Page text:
Articles for the Month of March 2010

Five years of progress in machine translation

People who write on the web have an interest in machine translation. If it worked communication could suddenly become much more international. Five years ago yesterday I wrote a post about the state of the art.

Of course, machine translation is still a developing technology, somewhere about the level of voice recognition 10 years ago is my estimate. As a test of the new service I supplied a paragraph chosen pretty much at random from the Amos commentary, the first from a page about city gates:

In the Ancient Near East city gates were neither merely entrances, nor only used for military protection. As a potentially weak point in the defenses, the gates of Israelite walled cities typically had three chambers giving four sets of “doors” and defended spaces between. The gates of Hazor (left – plan above) and Gezer from the time of Solomon show this triple construction.

This gave the almost comprehensible French:

Dans la ville antique du proche Orient les portes n’étaient ni simplement des entrées, ni seulement utilisé pour la protection militaire. Comme point potentiellement faible dans les défenses, les portes d’Israelite ont muré des villes ont typiquement eu trois chambres donner quatre ensembles d'”portes” et d’espaces défendus entre. Les portes de Hazor (laissé – projetez ci-dessus) et de Gezer dès l’exposition de Solomon cette construction triple.

The Iron Age gate at Hazor

The Iron Age gate at Hazor

Either Google translate is more than five years behind that crowd, or the art has gone backwards in the last half decade, here’s Google’s 2010 rendering of the same text:

Dans l’ancienne ville près des portes-Orient ne sont ni seulement les entrées, ni seulement utilisés pour la protection militaire. Comme un point de faiblesse potentielle dans la défense, aux portes des villes d’Israël paroi généralement avait trois chambres donnant quatre séries de “portes” et défendu les espaces entre les deux. Les portes de Hatsor (à gauche – plan ci-dessus) et Gezer du temps de Salomon montrer cette construction triple.

Hmm… well let’s follow the same methodology, now from “French” into German:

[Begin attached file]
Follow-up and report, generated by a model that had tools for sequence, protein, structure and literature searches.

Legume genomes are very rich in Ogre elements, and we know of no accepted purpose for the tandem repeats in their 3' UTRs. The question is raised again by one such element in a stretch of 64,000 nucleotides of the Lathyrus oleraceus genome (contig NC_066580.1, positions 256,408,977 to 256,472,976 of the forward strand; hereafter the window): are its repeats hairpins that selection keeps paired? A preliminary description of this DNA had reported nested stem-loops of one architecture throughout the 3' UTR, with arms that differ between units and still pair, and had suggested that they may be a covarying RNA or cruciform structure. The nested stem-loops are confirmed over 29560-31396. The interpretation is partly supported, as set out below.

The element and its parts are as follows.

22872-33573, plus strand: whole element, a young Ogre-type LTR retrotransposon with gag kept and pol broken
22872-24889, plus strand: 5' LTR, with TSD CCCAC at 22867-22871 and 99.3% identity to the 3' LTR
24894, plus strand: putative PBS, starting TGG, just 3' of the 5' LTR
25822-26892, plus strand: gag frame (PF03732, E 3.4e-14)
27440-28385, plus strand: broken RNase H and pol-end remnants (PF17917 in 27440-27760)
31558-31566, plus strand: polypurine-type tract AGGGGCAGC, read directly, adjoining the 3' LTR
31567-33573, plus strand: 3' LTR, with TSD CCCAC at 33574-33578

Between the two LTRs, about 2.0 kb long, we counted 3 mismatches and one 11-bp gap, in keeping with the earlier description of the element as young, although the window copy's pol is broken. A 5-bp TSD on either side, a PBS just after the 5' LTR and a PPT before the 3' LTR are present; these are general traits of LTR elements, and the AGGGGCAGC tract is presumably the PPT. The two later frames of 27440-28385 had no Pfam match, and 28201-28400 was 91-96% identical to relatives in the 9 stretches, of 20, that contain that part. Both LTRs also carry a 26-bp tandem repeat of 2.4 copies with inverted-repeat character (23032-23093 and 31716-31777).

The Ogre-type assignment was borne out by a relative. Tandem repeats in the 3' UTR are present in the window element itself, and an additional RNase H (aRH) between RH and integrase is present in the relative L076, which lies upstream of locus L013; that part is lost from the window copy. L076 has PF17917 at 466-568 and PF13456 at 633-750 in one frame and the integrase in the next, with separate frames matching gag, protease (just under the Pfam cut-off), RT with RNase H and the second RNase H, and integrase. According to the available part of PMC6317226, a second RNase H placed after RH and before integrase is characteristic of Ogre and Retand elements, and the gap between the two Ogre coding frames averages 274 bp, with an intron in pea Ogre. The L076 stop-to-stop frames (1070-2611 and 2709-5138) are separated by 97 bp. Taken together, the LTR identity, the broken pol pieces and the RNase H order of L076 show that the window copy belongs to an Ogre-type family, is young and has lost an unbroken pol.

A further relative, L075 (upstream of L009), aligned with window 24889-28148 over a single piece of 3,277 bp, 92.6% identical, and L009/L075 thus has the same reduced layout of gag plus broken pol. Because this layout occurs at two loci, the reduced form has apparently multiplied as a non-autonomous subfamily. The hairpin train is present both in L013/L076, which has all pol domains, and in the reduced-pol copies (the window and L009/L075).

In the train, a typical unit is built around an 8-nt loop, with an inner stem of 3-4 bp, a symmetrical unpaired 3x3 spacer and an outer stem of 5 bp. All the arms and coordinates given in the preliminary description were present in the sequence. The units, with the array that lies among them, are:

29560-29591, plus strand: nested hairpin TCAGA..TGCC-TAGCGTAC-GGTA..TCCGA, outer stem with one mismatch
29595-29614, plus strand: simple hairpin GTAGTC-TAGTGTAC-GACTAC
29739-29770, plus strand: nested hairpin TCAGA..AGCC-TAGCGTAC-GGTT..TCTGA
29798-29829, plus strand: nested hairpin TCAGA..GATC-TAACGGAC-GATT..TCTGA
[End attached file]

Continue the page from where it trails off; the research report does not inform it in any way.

In der alten Stadt in der Nähe des East Türen sind nicht nur Eingänge oder nur für den militärischen Schutz. Als Ausgangspunkt der mögliche Schwäche in der Verteidigung vor den Toren der ummauerten Städte Israels in der Regel hatte drei Zimmer gibt vier Gruppen von “Türen” und verteidigte die Zwischenräume. Die Tore von Hazor (links – über Plan) und Gezer Zeit Salomos zeigen, dass der Bau verdreifachen.

Which of course means (in “English”):

In the old city near the East doors are not only inputs or only military for protection. As a point of potential weakness in the defense at the gates of the walled cities of Israel usually had three rooms are four categories of “doors” and defended the gaps. The gates of Hazor (left – show on plan) and Gezer time of Solomon, that tripled the building.

Sadly we still have some way to go,  though, the back translation has actually improved! This was the original version:

In for the military protection antiken of the Near East the doors were neither simple from the entrances nor only use city. When potentially weak point in the defenses the doors have typically three chambers immured of Israelite of cities had to give four whole of “doors” and from areas to which were defended, between. The doors of Hazor (calmly – above you plan) and of Gezer of the exhibition of Solomon to this three-way construction.

Maybe in another five years we’ll have a usable machine translator at our fingertips, and the World Wide Web will really be starting to become world-wide, in the meantime the majority of the world’s population will continue to learn English, providing jobs for Kiwis on their great OE  ;)

Preserving lemons

Another repost original Sept 2009 (to make sure all the preserved lemon material stays together)

Preserved lemons and limes

Preserved lemons and limes

After work today (all that marking ;) I needed some “making something” therapy. Dough for flat bread to eat with the beans in the slow cooker is rising quietly in the kitchen, and there is the joyful sight of a new jar of preserved lemons sitting quietly waiting.

Preserving lemons is real slow food. Alchemy at work as physical and chemical processes, that scientists may understand, but that most cooks seek simply to profit from, work at the lemons (and a few limes for extra zing). The process of sitting quietly in a dark place, marinating in salt and spices softening the nasty bitterness of the white pith extracting the unwanted tastes into the liquid, whilst, paradoxically at the same time transferring the intense zing of the zest to the whole. (I told you it is pure alchemy :)

In a few months time these citrus fruits will be ready for their turn in the slow cooker with chicken and olives…

If you have never preserved lemons, start tomorrow. Beg, borrow or buy some lemons (and ideally a few limes, 1 to 4 is fine). Cut them in quarters, press them down into a jar, witgh plenty of salt. Plenty might be a tablespoon depending on the size of your lemons. This is slow food, do not ask for exact recipes ;) In the jar you have probably put a cinnamon stick, some corriander seeds, a bay leaf or three, and if you must some chilli (other spices too are optional). Over the next few days (slow food remember) as the lemons sink gracefully into the brine, add more. When this process slows top up with oil, and seal the jar.